“The first part [of the speech] is standard, thanking his teachers, telling how much he accomplished,” she says. “The second half is saying that it doesn’t matter, no one is going to hire me. Prejudice is so strong I could have the mind of John Locke and I’m still going to be on the street.”

She says the debate over the direction of the school influenced both men who saw the parents of the school’s students organize a boycott in 1833 to remove the schoolmaster who supported the philosophy of colonization, and hire black teachers. The students witnessed these actions and refused to accept barriers to continued education and a better life. Smith and Garnet were influenced by what they observed as young students, she notes.

“There’s some pretty clear lines from investment in black community leadership, the embrace of both political and sometimes physical resistance,” Duane says. “We see almost prototypes for Martin Luther King Jr. and Malcom X in James McCune Smith and Henry Highland Garnet. One incredibly charismatic, willing to try different things; that would be Garnet and Malcolm X. Radical for his time, Smith was incredibly inspirational and in some ways every bit important as the work of Martin Luther King Jr., who is seen largely as more patient and building from within.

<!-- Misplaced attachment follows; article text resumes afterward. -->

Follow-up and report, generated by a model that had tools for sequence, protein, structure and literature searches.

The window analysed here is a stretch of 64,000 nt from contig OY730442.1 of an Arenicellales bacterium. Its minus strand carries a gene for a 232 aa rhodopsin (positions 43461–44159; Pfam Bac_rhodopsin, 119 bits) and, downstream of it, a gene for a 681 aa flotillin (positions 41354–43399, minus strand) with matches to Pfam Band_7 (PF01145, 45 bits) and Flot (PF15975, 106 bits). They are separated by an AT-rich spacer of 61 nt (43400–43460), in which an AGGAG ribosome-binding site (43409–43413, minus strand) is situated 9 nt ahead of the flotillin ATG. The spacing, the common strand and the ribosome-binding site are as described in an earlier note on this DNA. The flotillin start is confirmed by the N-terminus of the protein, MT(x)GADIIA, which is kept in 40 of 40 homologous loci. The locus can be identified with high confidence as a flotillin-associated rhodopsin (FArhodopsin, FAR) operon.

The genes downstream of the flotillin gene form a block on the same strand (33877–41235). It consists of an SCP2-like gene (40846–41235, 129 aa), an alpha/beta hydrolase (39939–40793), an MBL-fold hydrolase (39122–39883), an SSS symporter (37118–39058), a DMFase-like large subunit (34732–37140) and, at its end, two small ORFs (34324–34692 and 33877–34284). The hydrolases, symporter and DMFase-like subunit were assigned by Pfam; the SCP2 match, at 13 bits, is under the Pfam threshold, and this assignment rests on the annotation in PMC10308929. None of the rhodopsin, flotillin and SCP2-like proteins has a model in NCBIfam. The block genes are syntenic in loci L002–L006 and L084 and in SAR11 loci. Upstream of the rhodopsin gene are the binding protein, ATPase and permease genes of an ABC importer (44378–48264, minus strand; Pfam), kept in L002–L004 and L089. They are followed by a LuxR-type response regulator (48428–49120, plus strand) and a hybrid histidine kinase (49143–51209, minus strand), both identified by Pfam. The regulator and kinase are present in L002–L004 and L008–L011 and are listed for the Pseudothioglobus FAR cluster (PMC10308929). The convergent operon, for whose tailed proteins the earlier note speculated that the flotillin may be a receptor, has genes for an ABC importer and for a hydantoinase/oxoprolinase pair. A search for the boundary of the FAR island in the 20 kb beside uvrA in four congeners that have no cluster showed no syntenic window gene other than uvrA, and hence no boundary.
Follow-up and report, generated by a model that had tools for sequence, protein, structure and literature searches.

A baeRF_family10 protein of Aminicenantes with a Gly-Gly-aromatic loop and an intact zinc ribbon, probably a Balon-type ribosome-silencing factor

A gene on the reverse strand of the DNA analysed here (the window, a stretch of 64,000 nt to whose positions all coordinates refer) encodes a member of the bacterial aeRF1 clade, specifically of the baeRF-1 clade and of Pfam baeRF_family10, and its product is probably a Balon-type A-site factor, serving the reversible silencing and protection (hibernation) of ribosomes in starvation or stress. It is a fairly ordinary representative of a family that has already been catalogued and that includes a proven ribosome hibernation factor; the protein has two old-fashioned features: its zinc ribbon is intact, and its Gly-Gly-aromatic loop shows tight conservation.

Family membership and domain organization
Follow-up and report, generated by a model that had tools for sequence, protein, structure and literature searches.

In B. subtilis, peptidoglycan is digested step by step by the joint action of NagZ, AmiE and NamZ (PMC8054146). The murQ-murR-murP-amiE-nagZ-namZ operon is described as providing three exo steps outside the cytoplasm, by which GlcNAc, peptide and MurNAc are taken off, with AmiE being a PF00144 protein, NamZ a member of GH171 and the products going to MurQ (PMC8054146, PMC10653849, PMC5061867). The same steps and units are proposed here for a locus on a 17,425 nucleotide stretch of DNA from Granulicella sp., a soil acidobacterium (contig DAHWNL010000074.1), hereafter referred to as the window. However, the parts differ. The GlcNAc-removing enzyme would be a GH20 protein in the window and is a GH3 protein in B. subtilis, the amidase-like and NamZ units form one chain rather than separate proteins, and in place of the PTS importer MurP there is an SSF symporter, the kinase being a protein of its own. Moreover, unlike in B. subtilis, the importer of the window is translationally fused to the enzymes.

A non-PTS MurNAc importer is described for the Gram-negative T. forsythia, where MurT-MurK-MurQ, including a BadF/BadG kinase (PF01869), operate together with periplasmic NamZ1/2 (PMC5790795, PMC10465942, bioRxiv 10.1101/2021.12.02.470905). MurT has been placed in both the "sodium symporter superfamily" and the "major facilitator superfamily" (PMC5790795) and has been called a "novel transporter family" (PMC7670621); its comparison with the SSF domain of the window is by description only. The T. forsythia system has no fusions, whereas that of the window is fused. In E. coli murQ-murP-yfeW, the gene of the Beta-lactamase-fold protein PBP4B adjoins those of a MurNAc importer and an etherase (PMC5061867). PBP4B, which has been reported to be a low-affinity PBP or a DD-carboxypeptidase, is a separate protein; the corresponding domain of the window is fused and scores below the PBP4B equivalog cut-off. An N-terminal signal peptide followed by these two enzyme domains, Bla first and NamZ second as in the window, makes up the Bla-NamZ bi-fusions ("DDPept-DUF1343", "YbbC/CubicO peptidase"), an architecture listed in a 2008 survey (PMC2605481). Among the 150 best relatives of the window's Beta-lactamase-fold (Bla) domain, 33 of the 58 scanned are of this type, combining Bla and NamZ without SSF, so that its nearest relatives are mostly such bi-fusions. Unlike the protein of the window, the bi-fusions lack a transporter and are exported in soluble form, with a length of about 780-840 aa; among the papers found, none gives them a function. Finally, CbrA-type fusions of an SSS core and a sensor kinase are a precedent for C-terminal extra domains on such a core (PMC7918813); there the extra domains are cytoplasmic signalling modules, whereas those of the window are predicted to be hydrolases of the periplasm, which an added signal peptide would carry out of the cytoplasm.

“Both of those men are more complicated than that, both Malcolm X and MLK and my two subjects. But we see this debate playing out. What are the best tactics? Do we build from within patiently, advocate for progress, or push for revolution, within the civil rights movement and in our own political moment? Do we work within what we’ve got or do we need structural change? This is the debate these two men had 20 to 30 years before the Civil War, when slavery was the law of the land. These men didn’t initiate these conversations, but they offer a valuable template for black organizers who had to figure out what to do in a system that was never made for them.”